11/21/2013 05:17 pm ET Updated Dec 06, 2017

Neil Krug, Photographer Profile


Photographer Neil Krug hadn't heard of Flickr when a friend first suggested he post his photos there.

This was back in 2008, way before the days of Instagram and its filters. Neil's photos looked like they came out of a 1970's family album. There was something striking and original about his purposefully grainy and fuzzy aesthetic.


So striking and original, that when Reuben Wu of the electronic band Ladytron saw the photos, he reached out to Neil and asked him to direct the band's next video.

"I was nobody," Neil said. "And before I knew it I was in Montserrat with this band, directing their video."

The gigs kept coming. Suddenly Neil found himself working with groups like Justice, Devendra Banhart and Bat for Lashes, just to name a few.

In 2011, Neil and model Joni Harbeck, published Pulp Art Book, a collection of sun-drenched photos of Joni playing the part of a gangster, an Indian chief, a housewife. She huddles in a car splattered with what appears to be blood and points a gun at the camera while the sun sets behind her. Neil's effects give the photos a psychedelic, dreamlike feel.

Curious to learn more about his work, Global Yodel caught up with Neil as he was putting the finishing touches on an album cover in his studio.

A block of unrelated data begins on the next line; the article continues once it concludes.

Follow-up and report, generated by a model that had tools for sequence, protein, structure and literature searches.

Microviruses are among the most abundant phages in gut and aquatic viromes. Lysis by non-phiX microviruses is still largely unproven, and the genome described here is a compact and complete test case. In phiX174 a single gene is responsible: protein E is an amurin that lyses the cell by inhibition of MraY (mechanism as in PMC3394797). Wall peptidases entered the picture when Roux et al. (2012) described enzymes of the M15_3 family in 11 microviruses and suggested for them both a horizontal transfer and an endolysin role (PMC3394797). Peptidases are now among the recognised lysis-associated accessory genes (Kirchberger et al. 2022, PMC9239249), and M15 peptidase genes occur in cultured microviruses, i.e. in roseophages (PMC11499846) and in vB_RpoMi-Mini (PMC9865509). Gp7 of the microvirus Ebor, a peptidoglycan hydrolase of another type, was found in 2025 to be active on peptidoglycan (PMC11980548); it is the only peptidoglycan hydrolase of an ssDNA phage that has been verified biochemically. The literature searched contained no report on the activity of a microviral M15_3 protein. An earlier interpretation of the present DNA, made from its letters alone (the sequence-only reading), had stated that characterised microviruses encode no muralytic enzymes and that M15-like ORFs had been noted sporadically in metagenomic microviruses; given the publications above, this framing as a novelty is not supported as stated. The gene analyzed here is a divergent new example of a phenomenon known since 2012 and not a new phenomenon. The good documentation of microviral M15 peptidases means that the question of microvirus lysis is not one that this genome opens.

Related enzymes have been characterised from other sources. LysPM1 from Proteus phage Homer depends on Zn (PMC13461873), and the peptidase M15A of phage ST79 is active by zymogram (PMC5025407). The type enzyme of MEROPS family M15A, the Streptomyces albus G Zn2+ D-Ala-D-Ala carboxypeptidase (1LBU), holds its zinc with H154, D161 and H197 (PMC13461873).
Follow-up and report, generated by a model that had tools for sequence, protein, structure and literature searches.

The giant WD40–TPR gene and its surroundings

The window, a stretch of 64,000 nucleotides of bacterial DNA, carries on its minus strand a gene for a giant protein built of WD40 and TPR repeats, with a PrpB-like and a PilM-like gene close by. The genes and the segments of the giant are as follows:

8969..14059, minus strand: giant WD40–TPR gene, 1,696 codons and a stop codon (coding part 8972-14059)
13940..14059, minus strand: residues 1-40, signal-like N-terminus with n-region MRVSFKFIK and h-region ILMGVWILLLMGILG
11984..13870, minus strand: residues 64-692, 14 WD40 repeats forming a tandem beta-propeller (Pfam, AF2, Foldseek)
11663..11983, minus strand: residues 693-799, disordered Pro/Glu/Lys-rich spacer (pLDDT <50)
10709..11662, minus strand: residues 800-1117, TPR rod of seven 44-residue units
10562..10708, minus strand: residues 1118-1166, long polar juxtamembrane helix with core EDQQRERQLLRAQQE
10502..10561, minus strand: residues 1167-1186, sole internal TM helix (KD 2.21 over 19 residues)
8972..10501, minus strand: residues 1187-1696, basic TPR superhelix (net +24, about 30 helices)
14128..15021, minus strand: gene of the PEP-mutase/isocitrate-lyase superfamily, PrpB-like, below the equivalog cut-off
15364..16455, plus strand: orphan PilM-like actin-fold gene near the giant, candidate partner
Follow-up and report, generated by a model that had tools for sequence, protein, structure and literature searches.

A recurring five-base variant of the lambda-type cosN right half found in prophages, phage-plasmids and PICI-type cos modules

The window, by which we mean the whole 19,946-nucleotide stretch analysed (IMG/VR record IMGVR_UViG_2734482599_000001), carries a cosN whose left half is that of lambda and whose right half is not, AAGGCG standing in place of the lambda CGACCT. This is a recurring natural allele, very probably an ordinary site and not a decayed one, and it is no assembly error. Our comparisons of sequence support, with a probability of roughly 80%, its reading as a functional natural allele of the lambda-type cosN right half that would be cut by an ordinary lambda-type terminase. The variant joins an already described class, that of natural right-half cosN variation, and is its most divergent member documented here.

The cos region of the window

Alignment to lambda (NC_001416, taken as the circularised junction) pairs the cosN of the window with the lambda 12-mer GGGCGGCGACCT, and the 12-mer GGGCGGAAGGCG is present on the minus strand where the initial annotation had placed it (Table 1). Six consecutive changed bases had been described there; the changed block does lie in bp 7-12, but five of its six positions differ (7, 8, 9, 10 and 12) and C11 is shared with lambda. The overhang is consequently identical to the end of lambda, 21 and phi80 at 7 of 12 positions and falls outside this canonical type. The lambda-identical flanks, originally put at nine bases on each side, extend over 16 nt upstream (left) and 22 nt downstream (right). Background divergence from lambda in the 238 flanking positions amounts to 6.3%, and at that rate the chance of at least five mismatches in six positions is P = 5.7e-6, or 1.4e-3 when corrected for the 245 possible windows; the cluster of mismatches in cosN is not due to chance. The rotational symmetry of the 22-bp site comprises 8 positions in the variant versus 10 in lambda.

Global Yodel: I read photography wasn't your first choice as a profession. How did you get started, and how did you find your voice?

Neil Krug: That's sorta true. I was always interested but I didn't become a photographer until I started working on my film. I had no cash to hire a real photographer, so I was like, "well, I'll do it myself." I didn't know what I was doing...partly due to being self-taught I suppose.

GY: Your film? Go on.

NK: I started it in 2008 and I'm still working on it. It's my great American novel. The rest is under wraps for the moment.

GY: Fine, keep it a secret. Will you tell us about the bands you work with; any good gossip there?

NK: I say this with a lot of love, but one thing I've noticed is all the British bands I work with have a similar style. They are generally the hardest to please in some ways. I always assume they're thinking, "Can the American get it right?" And when it works out I feel the proudest. Again, I say that with a lot of love.

GY: Which band or artist are you dying to shoot next?

NK: I've always wanted to do something with MIA but she's difficult to get a hold of.

GY: What are you listening to right now?

NK: Dunwich Radio. He's a tastemaker from Sweden. He does these podcasts of old school soundtracks and electronic music. I can't get enough to it. If I'm not listening to NPR, I'm listening to him.

GY: Tell me about working with Joni on the Pulp Art Book.

NK: It was a complete collaboration. She would have half an idea and I would finish it, and vice versa. I was always really present behind the camera as was she in her role-playing. That being said, we called it quits as a duo.

GY: Wait...what?

NK: (laughs) We're still friends and there's a bunch of work that was never released that might see the light of day at some point. Who knows...I'll always be proud of the work.

GY: Do you think you've "made it" as an artist?

NK: Not at all, and I don't think having that attitude is necessarily a good thing. I have the freelancer disposition ingrained in me I suppose. You're up. You're down. Repeat. You put as much energy into things as you can, and hope for the best.

- Helen Anne Travis

Head over to Global Yodel to see more of beautiful Neil's photos.